The ‘Fatboy’ from The Pickwick Papers
Dickens was a brilliant observer. The many details conveyed to create his characters was exactly what made him popular with the public but also indispensable to the scientific establishment. In this video hear the story of how these brilliant descriptions were used by the medical establishment to diagnose new conditions.
This video is the sixth in a series of six videos celebrating our special exhibition, Charles Dickens: Man of Science. The first video can be found here, the second can be found here, the third can be found here, the fourth can be found here and the fifth can be found here.
Dr Adelene Buckland is a senior lecturer in nineteenth-century literature at King's College, London. Her specialism is science and literature, and she is the author of numerous articles on the subject, including a chapter on geology in The Routledge Research Companion to Nineteenth-Century British Literature and Science (2017). She is the author of Novel Science: Fiction and the Invention of Nineteenth-Century Geology (Chicago: 2013) for which she was the winner of the 2012 Marc-Auguste-Pictet Prize in the History of Science.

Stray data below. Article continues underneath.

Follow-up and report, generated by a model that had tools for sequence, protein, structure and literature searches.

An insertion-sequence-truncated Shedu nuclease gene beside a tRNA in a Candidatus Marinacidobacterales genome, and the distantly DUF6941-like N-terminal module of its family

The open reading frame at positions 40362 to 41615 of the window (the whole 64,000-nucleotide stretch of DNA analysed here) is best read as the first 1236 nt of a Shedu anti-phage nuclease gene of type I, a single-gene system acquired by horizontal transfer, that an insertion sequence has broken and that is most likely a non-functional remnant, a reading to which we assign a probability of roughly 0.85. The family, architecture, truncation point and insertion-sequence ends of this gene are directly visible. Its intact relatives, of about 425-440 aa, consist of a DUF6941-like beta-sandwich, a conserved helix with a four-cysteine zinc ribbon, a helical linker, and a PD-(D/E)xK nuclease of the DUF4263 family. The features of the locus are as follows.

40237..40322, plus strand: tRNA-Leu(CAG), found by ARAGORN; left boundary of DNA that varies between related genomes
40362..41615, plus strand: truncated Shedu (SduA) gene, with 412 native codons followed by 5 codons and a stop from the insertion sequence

This blog takes you behind the scenes at the Charles Dickens Museum, giving fresh insight on everything from discoveries new and old in our collection, to exhibitions, events and learning initiatives.
You’ll be hearing from a variety of Museum staff and volunteers, as well as guest curators, academics, artists and Dickens enthusiasts. Why not join the debate and let us know you thoughts on the latest blog by using our hashtag #CDMBlog